The guitar is an instrument suitable for accompanying the voice and for taking part in instrumental compositions of intimate character; it is equally appropriate for solo performance of more or less complicated compositions in several voices, which possess true charm when performed by real virtuosos.
What a wonderfully true comment by the master of orchestration. After analysing the strengths and weaknesses of the instrument, he concluded with the following passage -
Its charm is undeniable, and it is not impossible to write for it so as to make this manifest. The guitar, in contrast to the other instruments, loses when reinforced in number. The sound of twelve guitars playing unisono is almost ridiculous.Such a judgemental comment from this master is made through astute musical observation and sensitivity. Being a classical guitarist, I shall attempt to elucidate on the implications of such a statement which challenges the presence of such ensembles.
As Berlioz had put it, the guitar is an intimate instrument. In a small cosy setting, it is capable of a myriad of wonderful tone colours, richer than many other solo instruments. However, in a guitar ensemble who'll be playing probably the same repertoire as an orchestra or wind ensemble, the tone colours that all the guitars can come up with is so much more inferior to all the different instruments in an orchestra or wind ensemble.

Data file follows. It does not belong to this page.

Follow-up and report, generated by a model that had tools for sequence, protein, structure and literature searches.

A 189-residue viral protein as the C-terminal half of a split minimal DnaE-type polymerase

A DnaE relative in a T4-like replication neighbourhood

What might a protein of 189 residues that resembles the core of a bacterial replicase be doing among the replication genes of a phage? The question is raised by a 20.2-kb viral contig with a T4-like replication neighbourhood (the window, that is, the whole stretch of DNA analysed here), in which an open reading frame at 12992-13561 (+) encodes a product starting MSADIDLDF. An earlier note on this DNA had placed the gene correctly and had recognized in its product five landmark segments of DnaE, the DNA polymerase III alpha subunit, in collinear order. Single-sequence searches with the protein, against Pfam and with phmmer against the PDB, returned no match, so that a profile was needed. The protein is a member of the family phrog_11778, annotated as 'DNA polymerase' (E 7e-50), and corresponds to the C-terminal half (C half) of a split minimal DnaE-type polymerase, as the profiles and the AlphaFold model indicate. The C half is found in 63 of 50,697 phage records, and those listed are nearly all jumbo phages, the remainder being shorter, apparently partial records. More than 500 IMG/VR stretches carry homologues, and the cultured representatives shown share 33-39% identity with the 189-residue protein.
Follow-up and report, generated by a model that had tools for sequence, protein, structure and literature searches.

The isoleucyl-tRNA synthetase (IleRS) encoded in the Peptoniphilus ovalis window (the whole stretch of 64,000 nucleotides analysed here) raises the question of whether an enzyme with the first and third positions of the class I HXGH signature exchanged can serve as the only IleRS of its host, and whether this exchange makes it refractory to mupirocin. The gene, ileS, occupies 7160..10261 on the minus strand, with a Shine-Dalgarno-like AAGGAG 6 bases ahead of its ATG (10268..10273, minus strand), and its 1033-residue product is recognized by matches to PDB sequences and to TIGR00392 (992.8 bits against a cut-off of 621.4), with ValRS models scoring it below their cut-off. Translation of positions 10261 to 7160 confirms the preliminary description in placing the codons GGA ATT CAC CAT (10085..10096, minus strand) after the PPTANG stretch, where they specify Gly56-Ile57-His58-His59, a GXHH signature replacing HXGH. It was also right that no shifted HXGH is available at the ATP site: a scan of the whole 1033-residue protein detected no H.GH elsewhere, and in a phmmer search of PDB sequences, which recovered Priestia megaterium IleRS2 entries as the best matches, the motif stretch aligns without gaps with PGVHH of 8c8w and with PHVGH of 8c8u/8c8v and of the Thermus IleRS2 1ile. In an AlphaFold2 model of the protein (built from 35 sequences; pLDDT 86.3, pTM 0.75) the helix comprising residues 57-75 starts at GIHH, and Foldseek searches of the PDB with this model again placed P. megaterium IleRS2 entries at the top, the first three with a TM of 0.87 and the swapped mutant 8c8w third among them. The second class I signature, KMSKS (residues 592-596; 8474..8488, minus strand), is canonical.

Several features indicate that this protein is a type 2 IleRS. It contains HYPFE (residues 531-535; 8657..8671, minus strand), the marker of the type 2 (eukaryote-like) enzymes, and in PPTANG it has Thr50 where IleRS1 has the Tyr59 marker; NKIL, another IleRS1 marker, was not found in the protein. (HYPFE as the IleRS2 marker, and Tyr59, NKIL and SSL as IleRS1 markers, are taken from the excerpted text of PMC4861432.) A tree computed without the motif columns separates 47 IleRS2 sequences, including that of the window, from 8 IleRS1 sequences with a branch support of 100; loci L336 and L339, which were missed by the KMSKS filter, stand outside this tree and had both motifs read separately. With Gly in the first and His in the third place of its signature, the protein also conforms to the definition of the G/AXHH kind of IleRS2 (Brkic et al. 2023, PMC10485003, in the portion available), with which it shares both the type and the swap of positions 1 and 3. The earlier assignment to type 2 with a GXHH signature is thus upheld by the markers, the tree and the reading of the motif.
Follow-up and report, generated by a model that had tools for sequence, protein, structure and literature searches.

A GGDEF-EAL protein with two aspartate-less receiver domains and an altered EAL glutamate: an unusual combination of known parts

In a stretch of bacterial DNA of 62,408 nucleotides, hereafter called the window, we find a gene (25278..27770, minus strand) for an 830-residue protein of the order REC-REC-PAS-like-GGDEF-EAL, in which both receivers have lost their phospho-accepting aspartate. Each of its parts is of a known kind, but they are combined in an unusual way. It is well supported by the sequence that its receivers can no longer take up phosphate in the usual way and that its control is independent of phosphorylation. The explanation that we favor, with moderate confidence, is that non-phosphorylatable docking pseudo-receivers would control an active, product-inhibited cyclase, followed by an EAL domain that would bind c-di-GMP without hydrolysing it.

Moreover, given the technical difficulties of the guitar, it really isn't easy to gain control of the full spectrum of tone colours on the guitar. How then are we confident to gather sufficient guitarists with such technical mastery of the instrument to come together to play? I seriously doubt that it is very possible to attain small scale sensitivity in such a guitar ensemble.
And of course, there's the problem of the narrow range of the guitar. Apparently, in the recent years, people have attempted to stretch the possibilities of the guitar ensemble by the introduction of Niibori guitars such as the Soprano Guitar, Alto Guitar, Prime Guitar Contrabass Guitar and Guitarron. Just today, I was asked to join a newly formed Niibori Guitar Ensemble, playing the arrangement of Isaac Albeniz's Sevilla and Cadiz. I always believed that the guitar works best as a solo instrument but I decided to give the ensemble pieces a try. I chose the Prime Guitar, which the normal guitar at its standard tuning. Well, basically I'm more familiar with it and the Prime plays the solo for the slow section of Sevilla, the portion which is truly captivating.
Well, after the experience, I still prefer playing in a small chamber group with other instruments. Despite my dislike for the guitar ensemble, I shall stick to this Niibori ensemble until it starts to interfere with my musical progress...